So where do I go from here? I'll fend off the accusations that I'm just a butt-hurt photographer. I'll do a bit of research and begin letting my clients know that their photos are going to be transitioning to another service. Unfortunately, closing my SmugMug account now would result in a loss of money; I'm still tied into it until May of 2013, so everything will still be up there until that time. Most importantly, though, I'll continue to watch the fallout happen to a company whose actions have confused many and see how many people truly back up their words.
EDIT: I'll be switching to Zenfolio for the next year. If you're interested in signing up, and helping out, please feel free to use my referral code - TPN-48K-7BZ. I'd really appreciate it.
One of the bigger mysteries that I've encountered on my journey through photography has been the exclusive club that belongs to the strobists. Flash photography has always, to me, been whatever happens when I put my 580EX II on top of my camera, point it at the sky, and hope for the best. But that's the fascinating thing about flash photography: it's so much more than just on-camera flash.
Today I decided to play around with some of the equipment that I've picked up over the past year or so, and post the results in a small blog here. Today's "toy" was an off-camera flash mounted behind a 24" umbrella sitting camera left. For those of you that can't figure that one out, what it basically means is that I had the flash off of the camera (triggered remotely) behind a 24" white umbrella. This allows the light to be softly defused and spread out a lot more easily over the subject. The light was then placed to the right of the camera. I did this for a couple of reasons: My subject was lit from camera left, and I wanted to light his better looking side with the flash.
From there, it was all a matter of camera setup. For most of these shots, I shot around f/4.5, kept my shutter speed a bit low and my flash stepped down 1/4. This kept the photos from blowing out from the flash. I also exposed on the window that you can see in the background, especially seeing as how my subject was so dark. The rest of the small shoot will follow at the end. If you have any questions, or want to know more about settings, setup, or anything else, feel free to comment below
My wife and I recently travelled over 550 miles to Fort Wayne, IN to attend the wedding of two of her close friends from her time spent getting her Doctorate (did I mention my wife is a doctor?). It was, to say the least, quite the drive. We travelled through amazingly interesting Ohio (224 miles of cornfields) and most of Western Pennsylvania.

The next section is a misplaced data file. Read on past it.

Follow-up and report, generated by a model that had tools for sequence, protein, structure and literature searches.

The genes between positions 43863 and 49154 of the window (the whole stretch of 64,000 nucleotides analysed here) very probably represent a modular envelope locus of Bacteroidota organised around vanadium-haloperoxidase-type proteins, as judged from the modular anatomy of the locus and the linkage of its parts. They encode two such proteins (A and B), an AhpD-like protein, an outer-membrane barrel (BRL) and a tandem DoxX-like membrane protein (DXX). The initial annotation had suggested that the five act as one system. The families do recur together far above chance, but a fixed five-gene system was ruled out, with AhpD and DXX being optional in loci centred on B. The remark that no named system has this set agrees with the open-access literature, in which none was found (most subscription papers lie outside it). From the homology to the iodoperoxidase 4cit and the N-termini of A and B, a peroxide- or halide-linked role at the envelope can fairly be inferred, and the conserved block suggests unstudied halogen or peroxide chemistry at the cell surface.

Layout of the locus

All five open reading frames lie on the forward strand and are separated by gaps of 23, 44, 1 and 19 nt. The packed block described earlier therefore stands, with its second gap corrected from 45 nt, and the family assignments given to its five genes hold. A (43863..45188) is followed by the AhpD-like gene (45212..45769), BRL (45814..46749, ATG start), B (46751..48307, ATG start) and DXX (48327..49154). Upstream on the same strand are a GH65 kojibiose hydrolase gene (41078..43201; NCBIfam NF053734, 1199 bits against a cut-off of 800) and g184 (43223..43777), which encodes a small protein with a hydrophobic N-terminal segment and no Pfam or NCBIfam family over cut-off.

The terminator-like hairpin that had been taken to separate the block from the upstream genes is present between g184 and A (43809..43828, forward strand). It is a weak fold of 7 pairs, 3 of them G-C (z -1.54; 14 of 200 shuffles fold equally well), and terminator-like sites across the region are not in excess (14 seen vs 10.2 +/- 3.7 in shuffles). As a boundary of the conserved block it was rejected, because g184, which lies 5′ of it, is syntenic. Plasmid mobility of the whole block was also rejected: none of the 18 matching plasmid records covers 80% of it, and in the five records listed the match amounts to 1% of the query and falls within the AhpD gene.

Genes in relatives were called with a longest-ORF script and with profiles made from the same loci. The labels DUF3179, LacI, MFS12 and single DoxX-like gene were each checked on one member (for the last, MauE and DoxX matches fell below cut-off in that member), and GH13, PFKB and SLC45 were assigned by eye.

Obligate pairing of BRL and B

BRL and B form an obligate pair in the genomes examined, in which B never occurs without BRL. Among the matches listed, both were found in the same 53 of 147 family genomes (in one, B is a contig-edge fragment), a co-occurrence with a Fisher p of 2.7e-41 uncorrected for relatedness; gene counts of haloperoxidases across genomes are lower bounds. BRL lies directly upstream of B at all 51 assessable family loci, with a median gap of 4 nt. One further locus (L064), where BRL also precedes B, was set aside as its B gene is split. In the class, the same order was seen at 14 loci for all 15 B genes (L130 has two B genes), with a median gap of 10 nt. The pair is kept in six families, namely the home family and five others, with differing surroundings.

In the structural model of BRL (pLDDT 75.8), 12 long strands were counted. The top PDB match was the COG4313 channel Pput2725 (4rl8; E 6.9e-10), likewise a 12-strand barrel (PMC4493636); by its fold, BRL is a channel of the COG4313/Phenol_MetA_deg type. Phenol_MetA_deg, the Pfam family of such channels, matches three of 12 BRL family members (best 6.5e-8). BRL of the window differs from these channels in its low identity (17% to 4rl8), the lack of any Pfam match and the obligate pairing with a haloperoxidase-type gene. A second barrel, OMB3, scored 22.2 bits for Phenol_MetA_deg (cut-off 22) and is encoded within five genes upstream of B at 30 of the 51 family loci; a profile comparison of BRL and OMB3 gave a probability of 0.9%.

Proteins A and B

One of the more interesting things to happen that weekend was an impromptu shoot that occured when it was discovered that the happy couple had only hired their wedding photographer until 8pm. I mean, does the party even really start before that?!
Luckily I had my entire setup with me, and use this as a chance to get a little bit of experience in one of the avenues I've yet to attack: wedding photography. I've toyed with the idea, but desperately want to second shoot a few weddings before I feel comfortable charging people to be the primary shooter. People spend a FORTUNE on their wedding photos, and the responsibilities laid upon the photographer can be a lot to handle for someone with as little wedding experience as I have.
I selected a few shots from the wedding, and wanted to share them with my readers. These were my favorites, and some of the shots of which I'm most proud. The entire gallery can be found in a link at the end of this post. Feel free to leave your comments, questions or any other kind words in the comment section!
I recently got the chance to participate in a Photowalk. For those of you that aren't familiar with the term, a Photowalk is a group event where you get together with other photographers, be they amateur, pro, iPhoners, Androiders, Point-and-shooters or even just assistants, and you walk around an area and take photos.
Seems simple enough, right? Taking photos is really just the surface of a photowalk, however, and there is a lot more to the event.
Our particular photowalk took place in the Inner Harbor area of the city of Baltimore. We started near Pier V and made our way past the Convention Center, finally ending at Baltimore's baseball field, Camden Yards. We also got very lucky to be in the city during Otakon, which provided us with some excellent "characters" to shoot.